The next day Arab terrorists opened fire at Rabbi Miki Mark, the administrator of the Otniel yeshiva as he drove near the community on Route 60 with his wife and children just a few hours before the Sabbath. The rabbi died instantly as he lost control of the vehicle and the car flipped over; his wife Chava was critically injured. Two of his ten children were also wounded.

Hallel Ariel, hy’d, was an American citizen. So is Chava Mark. But although the State Department issued the standard condemnation of violence perpetrated against U.S. citizens, there was complete silence from the White House.

Israel’s security cabinet met Saturday night to determine a response to the escalation in deadly attacks. By Sunday morning the government ministers were presented with a list of measures that were gauged to signal Israel’s determination not to buckle under the violence, including more boots on the ground in the Hebron area.

The Quartet for Mideast Peace issued a report on Friday (July 1) blaming Jewish construction in Judea and Samaria — even routine building connected with the natural growth in any community, within the municipal boundaries of existing towns — for the violence.

On Tuesday, it seemed the U.S. was joining that bandwagon and adding more fuel to the fire, blaming the approval of badly-needed housing units in existing communities for the Palestinian Authority’s unwillingness to join direct final status talks — and the unprovoked bloodbaths by Arab terrorists against innocent Israeli civilians.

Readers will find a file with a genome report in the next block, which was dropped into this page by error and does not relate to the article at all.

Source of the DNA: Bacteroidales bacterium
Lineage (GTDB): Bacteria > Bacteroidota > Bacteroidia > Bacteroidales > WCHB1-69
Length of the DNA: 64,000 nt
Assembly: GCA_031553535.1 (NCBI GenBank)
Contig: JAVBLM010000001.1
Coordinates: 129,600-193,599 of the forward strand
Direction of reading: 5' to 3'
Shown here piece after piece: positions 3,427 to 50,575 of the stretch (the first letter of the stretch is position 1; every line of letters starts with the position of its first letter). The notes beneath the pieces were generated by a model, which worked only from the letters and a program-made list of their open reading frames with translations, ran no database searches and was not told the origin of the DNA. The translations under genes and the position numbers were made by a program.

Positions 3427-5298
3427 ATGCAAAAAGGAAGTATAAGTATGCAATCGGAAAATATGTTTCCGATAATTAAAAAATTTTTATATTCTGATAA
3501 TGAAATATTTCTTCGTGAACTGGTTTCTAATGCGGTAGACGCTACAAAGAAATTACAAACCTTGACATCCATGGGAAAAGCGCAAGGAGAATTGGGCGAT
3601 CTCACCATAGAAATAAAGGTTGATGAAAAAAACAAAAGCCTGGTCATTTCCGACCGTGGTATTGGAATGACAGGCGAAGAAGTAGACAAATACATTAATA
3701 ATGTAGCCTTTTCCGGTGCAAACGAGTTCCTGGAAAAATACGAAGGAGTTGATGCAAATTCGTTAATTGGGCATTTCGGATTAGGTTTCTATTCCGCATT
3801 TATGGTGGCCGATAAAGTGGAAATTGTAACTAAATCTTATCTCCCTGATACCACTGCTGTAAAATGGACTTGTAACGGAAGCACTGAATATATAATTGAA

Kirby added the U.S. would continue to “look for leaders in the region to do what they need to do … to demonstrate leadership to take down the violence, reduce tensions.”

Hana Levi Julian

Israeli Military Forces Capture 7 Terror Fugitives

Tuesday, July 5th, 2016

Israeli security forces captures seven terror suspects in various locations across Judea and Samaria late Monday night.

The fugitives are accused of terrorist activities and attacking Israeli civilians and security forces.

Two of the suspects were arrested in Hebron; they were the brothers of the 19-year-old killer of 13-year-old Hallel Yaffa Ariel. Muhammed Tarayrer, 19, climbed in the window of the girl’s bedroom and stabbed the eighth grader dozens of times while she was sleeping in her bed last Thursday morning.

Two members of the Hamas terrorist organization were picked up in the city of Shechem. A third Hamas terrorist was arrested in the nearby Arab town of Awarta, and a fourth was tracked down in Tubas, an Arab village north of Jericho.

IDF soldiers also carried out a weapons raid in the town of Beit Fajr, near the Palestinian Authority town of Bethlehem. All of the soldiers returned safely to base.

Hana Levi Julian

Survey: Majority of Israeli Jews Favor Keeping Judea and Samaria, Israeli Arabs Favor Keeping Large Settlement Blocs

Tuesday, July 5th, 2016

“Sometime after the Six Day War the settlement enterprise began to develop. In your opinion, from a perspective of 50 years later, has the settlement enterprise contributed to or damaged Israel’s national interest?” was one of the opening questions in a June survey comparing the attitudes of Israeli Jews and Arabs on the liberated territories.